1. The problem
Select an issue of interest to you.
2. The data
Identify a publicly available dataset.

Note: to make your life easier, I am also going to make a small number of datasets available on Moodle.
3. Your task
Your task is to:

– Formulate the problem
– Derive a hypothesis of the form variable X positively (negatively) influences variable Y.
– Write a causal graph (do not limit yourself to variables available in your dataset if others are relevant). Use available prior knowledge to build your causal graph (i.e. look at the scientific literature on the topic).
– Build an analysis based on your causal graph and verify or falsify your hypothesis.

4. Requirements
The above analysis should be reported in a report of 3,000 words (excluding the executive summary, figures, tables, references and appendices) where the results of the analysis are commented and justified. Your task is to present evidence of your findings (plots, causal graphs, analysis). There should be some discussion of the relevant literature, some analysis and presentation of conclusions on your findings within your essay.
5. Assessment of the term paper
Your report will be assessed following the criteria below: Statement of Problem 30%
Analysis 40%
Conclusions 20%
Presentation 10%

Appendix 1: Advice on how to structure your BCPM0094 term paper
A report is a practical learning task where you will apply the theories you have been studying to real world situations.

Report structure:

– Executive Summary: the report should include an executive summary to provide top management with a concise outline of the main points in a report, indicating where in the report to locate more detailed information. The summary is often the first page of the report and should be concise and not involve too much detail. It should make commentary on the main points only and follow the sequence of the report. An executive summary is often written after the report is completed, as by then you have an over view of the whole text.

– Introduction: Provides an overview of the report with a clear description of your aims and objectives, and the context of the problem or situation. The introduction should also outline the scope of your investigation and any limitations. You can also provide a brief historical background of significant events leading up to the present investigation.

– Literature review: Outlines existing research and published material upon which you will base your analysis, conclusions and recommendation.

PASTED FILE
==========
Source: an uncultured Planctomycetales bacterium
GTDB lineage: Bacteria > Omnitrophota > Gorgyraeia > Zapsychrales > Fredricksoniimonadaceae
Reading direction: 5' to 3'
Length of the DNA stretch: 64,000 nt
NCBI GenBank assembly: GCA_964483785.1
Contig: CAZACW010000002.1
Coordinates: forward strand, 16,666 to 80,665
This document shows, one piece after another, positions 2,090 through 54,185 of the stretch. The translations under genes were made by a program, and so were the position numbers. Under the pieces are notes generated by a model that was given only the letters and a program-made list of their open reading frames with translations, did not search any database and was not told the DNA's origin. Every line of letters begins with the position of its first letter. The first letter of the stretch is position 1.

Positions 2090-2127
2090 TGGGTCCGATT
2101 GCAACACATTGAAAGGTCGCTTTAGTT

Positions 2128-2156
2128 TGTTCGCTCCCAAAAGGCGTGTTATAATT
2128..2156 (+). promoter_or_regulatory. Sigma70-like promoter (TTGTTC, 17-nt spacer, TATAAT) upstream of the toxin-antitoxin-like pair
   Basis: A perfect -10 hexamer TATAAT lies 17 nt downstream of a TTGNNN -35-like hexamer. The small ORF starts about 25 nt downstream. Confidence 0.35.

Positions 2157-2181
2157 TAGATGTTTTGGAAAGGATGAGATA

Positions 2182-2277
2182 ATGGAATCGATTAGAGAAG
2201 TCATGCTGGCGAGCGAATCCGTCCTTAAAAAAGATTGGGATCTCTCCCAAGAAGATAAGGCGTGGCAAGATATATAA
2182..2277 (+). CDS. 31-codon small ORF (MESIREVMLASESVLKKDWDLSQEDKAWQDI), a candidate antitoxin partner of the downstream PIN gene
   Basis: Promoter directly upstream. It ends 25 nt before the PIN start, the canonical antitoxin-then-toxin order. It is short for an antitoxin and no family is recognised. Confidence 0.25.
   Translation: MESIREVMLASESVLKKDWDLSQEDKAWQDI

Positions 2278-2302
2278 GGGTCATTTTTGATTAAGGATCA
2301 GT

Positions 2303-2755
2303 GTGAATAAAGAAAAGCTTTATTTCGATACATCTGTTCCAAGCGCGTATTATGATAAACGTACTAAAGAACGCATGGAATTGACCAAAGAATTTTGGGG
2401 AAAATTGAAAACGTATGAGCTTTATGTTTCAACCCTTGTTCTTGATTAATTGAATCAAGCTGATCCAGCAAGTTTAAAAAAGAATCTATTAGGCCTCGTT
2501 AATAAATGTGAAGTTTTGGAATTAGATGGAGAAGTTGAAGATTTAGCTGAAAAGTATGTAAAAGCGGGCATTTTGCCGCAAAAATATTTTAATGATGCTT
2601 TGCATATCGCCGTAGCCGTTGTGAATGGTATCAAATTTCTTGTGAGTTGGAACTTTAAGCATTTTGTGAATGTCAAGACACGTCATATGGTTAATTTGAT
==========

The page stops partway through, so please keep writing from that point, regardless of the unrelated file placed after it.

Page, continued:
– Methods: in this section, you will need to briefly and concisely list the procedures and process undertaken in your investigation in clear order. If necessary, use subheadings like Sample, Instruments, etc.

– Findings/Results: Presents your findings in a clear and logical sequence. You will need to label and number charts, tables, graphs and pictures consecutively.

– Discussion/Analysis: This section resembles a short essay where you will explain and argue your interpretation of the evidence.

– Conclusion: provides the overall purpose of the report, steps taken, overall findings and point of view.

– Recommendations/Implications: outlines your recommendations to improve business practices or policy, as relevant for the problem you tackled.

– References: references are important as they prove you have researched the area and show that your ideas are supported by research. However, do not overdo the number of references as you are writing a report and not a literature review (10-15 references are adequate!). Use the Harvard Referencing System and remember to only include references that you have used in your assignment (i.e. those that you have cited in your assignment).

– Appendices: You can use appendices at the end of the report to put material that is not essential in the body of the report, or is too lengthy that it interrupts the flow. Appendices may include additional evidence you base your findings on (e.g. additional statistical calculations). You need to title and number all appendices (e.g. Appendix A, Appendix B), and list them in the table of contents.

Throughout the report use headings and sub-headings generously. Not only do they make it easier for your client to read and understand the report, but headings also help you to reinforce the organization of the report.